Science Daily, from a news release issued by
In a paper published in scientific journal Marine Biology, Dr Ken Anthony and Dr Ailsa Kerswell, of the ARC Centre of Excellence for Coral Reef Studies (CoECRS) have revealed that extreme low tides on clear sunny days can lead to widespread damage of coastal coral colonies. "Really low tides, where the local sea level gets to its extreme low for the year, can occur at different times of the day," UQ's Dr Anthony said. "In years where this occurs during the middle of the day when the sunlight is at its most intense and the reefs are almost fully exposed, there is a real risk of severe coral stress and death in the shallow reef zone."
Just like cyclones and other natural disasters, these severe ‘sun-dry tides' rarely occurred since they relied on the alignment of numerous natural extremes, he said. However, when these factors all aligned, by a combination of sun, moon and chance weather, an extreme event occurred which could leave coral colonies bleached and devastated.
One such event occurred in September 2005 while Dr Anthony and Dr Kerswell were taking JCU students on a field trip to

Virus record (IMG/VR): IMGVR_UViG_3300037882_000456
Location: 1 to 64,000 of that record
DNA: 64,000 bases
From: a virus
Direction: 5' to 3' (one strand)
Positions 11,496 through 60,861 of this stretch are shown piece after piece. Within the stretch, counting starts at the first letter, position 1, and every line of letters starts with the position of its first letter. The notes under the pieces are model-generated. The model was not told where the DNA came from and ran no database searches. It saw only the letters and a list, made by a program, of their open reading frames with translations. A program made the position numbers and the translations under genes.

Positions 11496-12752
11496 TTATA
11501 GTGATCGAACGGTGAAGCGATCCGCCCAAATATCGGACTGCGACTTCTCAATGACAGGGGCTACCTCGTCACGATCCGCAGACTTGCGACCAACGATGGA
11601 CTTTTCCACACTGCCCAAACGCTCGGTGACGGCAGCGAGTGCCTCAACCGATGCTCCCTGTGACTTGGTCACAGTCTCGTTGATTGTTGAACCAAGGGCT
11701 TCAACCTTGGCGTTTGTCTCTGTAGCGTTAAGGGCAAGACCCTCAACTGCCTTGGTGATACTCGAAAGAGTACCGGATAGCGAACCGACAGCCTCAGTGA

However, the "sundried tides" could also be anticipated. "These events are highly predictable," Dr Anthony said. "We can go into the weather reports, align them with tidal charts and predict the times of greatest risk. "The high-risk time of year is July–October, when corals are building up resources for spawning and preparing for summer stressors such as thermal bleaching."
Since studying the cause and impacts of these major events, Dr Anthony hopes that their predictable nature will lead to improved warning systems and better models for predicting stress and mortality in corals. Although predictable and natural, "sundried tides" were unavoidable and compounded the stresses already felt by corals due to climate change and human impacts, he said.
"However, if we better understand the timing and severity of natural stressors on reefs, we will be able to better predict the risks of human-induced stressors, and hopefully better manage for healthy reefs," he said.